A strike by bakers in Bolivia has seen the government turn to its soldiers to help combat the nation’s bread shortage.
The government called in troops to become makeshift bread makers after bakers went on a 48-hour strike to protest against the government’s decision to scrap subsidies on wheat flour.
Watch the video below to see soldiers swap camouflage for aprons in the kitchens of La Paz:
Development Minister Veronic Ramos said: “We have, indeed, suffered some shortages. But we will produce 70,000 rolls today and we have the capacity to increase this output if necessary.”
The strike began on Monday, and saw bakers take to the streets across Bolivia’s major cities to protest against the government's scrapping of the flour subsidies.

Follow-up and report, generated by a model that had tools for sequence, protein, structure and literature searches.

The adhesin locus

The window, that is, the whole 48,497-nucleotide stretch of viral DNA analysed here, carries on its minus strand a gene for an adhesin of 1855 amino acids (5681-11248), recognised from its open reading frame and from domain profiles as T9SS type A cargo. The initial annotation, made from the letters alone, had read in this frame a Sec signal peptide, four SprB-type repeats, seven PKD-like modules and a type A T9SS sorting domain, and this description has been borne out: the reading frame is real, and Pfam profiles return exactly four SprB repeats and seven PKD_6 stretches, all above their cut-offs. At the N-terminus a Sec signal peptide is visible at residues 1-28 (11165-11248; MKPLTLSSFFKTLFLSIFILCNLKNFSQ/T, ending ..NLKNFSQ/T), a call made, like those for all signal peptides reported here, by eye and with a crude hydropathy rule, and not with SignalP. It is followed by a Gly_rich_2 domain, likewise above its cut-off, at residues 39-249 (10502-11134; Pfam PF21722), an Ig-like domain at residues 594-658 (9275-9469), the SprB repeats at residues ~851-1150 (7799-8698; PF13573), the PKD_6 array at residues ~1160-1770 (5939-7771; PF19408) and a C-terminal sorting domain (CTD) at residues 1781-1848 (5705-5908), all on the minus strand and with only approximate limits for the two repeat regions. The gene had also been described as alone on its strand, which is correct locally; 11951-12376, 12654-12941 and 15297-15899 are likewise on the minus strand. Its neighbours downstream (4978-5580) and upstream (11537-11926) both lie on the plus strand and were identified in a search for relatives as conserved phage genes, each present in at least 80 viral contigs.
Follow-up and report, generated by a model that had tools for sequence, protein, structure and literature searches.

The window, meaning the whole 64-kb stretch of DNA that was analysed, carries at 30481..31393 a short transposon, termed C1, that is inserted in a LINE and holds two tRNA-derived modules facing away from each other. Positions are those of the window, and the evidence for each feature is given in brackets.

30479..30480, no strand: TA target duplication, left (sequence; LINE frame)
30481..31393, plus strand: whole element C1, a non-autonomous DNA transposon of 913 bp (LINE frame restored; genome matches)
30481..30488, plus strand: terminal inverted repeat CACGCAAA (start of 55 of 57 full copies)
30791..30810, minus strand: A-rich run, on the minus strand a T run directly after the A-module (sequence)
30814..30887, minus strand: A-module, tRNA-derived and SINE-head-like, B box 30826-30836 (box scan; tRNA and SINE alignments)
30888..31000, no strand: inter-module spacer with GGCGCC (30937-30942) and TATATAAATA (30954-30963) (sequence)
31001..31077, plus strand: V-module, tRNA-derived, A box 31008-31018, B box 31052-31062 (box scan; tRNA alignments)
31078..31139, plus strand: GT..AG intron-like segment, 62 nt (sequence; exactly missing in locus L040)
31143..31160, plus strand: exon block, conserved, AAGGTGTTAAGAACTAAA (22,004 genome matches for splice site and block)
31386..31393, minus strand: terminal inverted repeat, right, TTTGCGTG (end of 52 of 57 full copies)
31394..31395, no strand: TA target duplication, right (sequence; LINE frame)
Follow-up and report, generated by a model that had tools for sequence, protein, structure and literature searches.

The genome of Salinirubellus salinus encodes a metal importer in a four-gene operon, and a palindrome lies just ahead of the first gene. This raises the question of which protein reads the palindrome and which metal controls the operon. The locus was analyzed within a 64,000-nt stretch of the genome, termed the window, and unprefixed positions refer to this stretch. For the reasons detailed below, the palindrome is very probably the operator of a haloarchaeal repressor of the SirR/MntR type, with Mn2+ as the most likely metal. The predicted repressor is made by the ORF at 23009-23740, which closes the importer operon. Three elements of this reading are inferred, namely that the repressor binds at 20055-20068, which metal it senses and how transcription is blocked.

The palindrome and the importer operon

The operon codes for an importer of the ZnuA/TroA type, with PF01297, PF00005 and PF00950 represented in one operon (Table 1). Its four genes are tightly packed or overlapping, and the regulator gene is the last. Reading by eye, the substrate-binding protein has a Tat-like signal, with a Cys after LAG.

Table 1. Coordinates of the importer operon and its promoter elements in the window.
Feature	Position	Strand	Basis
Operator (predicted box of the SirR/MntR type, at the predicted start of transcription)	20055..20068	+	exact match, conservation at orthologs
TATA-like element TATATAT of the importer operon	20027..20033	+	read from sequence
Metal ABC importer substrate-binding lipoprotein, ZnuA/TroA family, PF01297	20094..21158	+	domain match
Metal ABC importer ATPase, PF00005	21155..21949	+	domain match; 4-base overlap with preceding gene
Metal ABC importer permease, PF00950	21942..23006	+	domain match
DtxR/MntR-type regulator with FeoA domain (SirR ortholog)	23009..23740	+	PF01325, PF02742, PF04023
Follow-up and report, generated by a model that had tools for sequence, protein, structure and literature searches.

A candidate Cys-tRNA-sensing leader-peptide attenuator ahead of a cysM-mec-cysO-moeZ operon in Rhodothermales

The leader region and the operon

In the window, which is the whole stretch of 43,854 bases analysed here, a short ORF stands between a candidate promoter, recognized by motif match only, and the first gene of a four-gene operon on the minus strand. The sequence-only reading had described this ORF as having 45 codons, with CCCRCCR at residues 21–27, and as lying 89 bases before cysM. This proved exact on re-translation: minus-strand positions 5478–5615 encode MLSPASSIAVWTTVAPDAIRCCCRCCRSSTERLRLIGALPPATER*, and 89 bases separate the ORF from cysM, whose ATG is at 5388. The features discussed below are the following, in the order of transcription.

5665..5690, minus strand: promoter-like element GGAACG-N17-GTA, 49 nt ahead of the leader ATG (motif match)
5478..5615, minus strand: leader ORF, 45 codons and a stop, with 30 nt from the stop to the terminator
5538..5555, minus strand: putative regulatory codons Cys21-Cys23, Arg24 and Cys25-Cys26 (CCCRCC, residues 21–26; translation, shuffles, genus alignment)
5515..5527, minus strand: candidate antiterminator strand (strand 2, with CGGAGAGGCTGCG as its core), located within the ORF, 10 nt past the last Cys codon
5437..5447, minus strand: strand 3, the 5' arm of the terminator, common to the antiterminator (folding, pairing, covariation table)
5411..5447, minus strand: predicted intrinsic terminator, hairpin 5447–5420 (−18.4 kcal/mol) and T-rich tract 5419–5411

According to the bakers, the removal of the subsidy has doubled the cost of flour and severely impacted on their profits.
The government has said that an abundance of cheap flour from neighbouring Argentina has meant that flour prices have remained low.
Speaking at the announcement of the removal of the subsidies, Ms Ramos said: “Bolivian bakers have benefitted from subsidies for many years. They are strong now and can walk with their own legs.”
Bread is a staple diet of many Bolivians and the government have described the decision to strike by bakers as a “national emergency”.
The decision to scrap flour subsidies is the second attempt to take away a government subsidy in the last few years.
In 2011, president Evo Morales attempted to remove a government fuel subsidy, but after fervent nationwide protests he decided to reverse his decision.Reuse content